Graduating from college is a feat to celebrate, until the recent grads receive their first loan payment. Then panic sets in.
Approximately 70 percent of college students graduate with a sizable loan debt. According to CNBC, more than 44 million U.S. college grads are facing almost $1.5 trillion in student debt. The government intends to alleviate that financial load for those who are working in the public service in positions such as police officer, teacher, nurse, and social worker.
After 10 years of working in a chosen public sector, government employees with a relevant college degree could be eligible for student loan forgiveness, eradicating approximately $58,000 in loan debt. Sounds great, right?
Except that out of the 41,000 estimated public service workers who sought federal loan forgiveness, the government only approved 206 applicants.
The form to be filled out consists of just two pages, reports USA Today, but it's actually confusing. And, government employees interested in applying to have their college loans forgiven 10 years after graduating might have taken a misstep along the way that renders them ineligible, which one graduate learned the hard way, NPR reported.
"I thought, 'Oh great, I must qualify for this program,'" said Sarah Krainin, who used loans to pay for her undergraduate and master's degree -- and now teaches at a nonprofit public university in California. "And I asked my servicer at the time, 'Am I gonna qualify for [PSLF]?' And they said, 'Yes, you have federal loans. You qualify.'"
She didn't.The U.S. Department of Education encourages borrowers to submit an employment certification form every year -- or every time he or she changes jobs. The rules for qualifying for public service loan forgiveness is set by the loan issuer and cannot be waived, but borrowers claim that they have been lied to about their eligibility for the program by loan servicers.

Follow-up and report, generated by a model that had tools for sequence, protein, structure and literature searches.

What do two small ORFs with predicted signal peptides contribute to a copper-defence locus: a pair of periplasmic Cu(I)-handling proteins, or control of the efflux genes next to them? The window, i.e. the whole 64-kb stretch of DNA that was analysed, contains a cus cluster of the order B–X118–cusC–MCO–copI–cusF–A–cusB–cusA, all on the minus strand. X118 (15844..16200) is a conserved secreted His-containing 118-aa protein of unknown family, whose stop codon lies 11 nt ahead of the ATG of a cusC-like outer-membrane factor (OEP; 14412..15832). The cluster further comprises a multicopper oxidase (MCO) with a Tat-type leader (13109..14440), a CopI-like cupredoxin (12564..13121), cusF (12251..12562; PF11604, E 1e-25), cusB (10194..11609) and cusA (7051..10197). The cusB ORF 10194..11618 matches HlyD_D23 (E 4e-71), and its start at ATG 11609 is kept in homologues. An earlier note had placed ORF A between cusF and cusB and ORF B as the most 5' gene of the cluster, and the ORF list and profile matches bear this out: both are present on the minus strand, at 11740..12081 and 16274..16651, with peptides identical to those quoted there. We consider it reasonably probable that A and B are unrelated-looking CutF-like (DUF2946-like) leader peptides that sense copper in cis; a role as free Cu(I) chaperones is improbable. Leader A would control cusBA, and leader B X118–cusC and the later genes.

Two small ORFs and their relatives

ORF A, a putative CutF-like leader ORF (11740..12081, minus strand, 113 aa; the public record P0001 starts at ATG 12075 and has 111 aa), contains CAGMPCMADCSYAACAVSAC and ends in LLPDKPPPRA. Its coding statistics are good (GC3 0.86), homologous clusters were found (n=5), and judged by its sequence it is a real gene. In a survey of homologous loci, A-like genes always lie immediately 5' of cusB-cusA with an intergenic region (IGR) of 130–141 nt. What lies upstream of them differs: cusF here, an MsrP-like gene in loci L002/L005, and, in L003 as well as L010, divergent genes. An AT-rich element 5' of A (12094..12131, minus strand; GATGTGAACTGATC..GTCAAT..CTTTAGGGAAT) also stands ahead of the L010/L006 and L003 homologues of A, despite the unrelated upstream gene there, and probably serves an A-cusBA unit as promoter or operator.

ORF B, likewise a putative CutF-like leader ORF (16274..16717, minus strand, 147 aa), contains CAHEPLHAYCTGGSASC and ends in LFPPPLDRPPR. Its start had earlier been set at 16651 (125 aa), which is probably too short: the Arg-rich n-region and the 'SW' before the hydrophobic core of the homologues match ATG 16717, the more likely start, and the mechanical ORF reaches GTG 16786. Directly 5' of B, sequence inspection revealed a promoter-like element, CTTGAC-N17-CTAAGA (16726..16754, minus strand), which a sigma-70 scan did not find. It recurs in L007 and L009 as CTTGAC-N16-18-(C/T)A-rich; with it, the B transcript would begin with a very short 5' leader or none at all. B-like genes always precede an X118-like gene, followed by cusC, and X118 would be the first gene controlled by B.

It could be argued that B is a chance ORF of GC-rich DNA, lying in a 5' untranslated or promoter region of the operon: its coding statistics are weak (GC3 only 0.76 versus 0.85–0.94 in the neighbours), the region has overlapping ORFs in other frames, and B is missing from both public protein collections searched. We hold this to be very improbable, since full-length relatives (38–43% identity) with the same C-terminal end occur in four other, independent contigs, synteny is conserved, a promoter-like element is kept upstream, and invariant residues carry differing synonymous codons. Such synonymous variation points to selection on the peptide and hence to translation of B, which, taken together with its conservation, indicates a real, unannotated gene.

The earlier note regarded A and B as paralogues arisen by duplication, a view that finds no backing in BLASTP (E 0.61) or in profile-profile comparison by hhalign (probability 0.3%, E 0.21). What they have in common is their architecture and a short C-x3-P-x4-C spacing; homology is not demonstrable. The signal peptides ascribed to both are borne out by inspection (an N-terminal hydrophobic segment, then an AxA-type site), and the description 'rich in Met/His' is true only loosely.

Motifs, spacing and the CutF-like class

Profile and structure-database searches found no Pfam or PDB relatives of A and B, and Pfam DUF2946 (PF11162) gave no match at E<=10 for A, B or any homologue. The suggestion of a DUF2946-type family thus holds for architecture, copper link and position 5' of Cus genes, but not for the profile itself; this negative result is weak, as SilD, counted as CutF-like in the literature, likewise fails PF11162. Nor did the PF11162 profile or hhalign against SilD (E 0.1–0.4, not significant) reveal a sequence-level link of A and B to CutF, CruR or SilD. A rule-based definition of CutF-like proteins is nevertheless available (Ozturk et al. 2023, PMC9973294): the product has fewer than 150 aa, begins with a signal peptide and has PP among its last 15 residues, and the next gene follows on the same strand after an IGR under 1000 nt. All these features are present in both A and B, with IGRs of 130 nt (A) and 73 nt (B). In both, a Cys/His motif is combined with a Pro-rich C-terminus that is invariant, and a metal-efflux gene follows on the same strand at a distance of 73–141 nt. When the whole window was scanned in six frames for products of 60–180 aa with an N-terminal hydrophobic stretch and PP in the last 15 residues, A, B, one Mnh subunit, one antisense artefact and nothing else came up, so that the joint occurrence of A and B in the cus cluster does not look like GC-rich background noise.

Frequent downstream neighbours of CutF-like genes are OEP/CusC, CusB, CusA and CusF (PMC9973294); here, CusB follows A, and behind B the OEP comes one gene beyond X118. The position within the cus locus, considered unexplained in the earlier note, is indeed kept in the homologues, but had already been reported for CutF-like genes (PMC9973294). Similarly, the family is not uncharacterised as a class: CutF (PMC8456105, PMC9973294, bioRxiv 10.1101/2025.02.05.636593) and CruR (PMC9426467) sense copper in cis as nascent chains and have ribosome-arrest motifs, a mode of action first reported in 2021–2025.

College graduates must make sure they are working in a public service job as defined by law at a full-time level, which includes the military, public safety, law enforcement, Peace Corps or Americorps, public education, social work, public interest legal services, public or school-based libraries, and any work at a tax-exempt public charity established under 501(c)(3). What doesn't qualify? Labor unions, partisan political organizations, and for-profit organizations.
Only direct loans from the U.S. Department of Education are eligible. What isn't? Stafford loans, Perkins loans, and Parent PLUS loans. Only certain repayment plans are eligible, too, which includes pay as you earn, revised pay as you earn, income-based repayment plan, income-contingent repayment plan, and the temporary expanded public service loan forgiveness plan.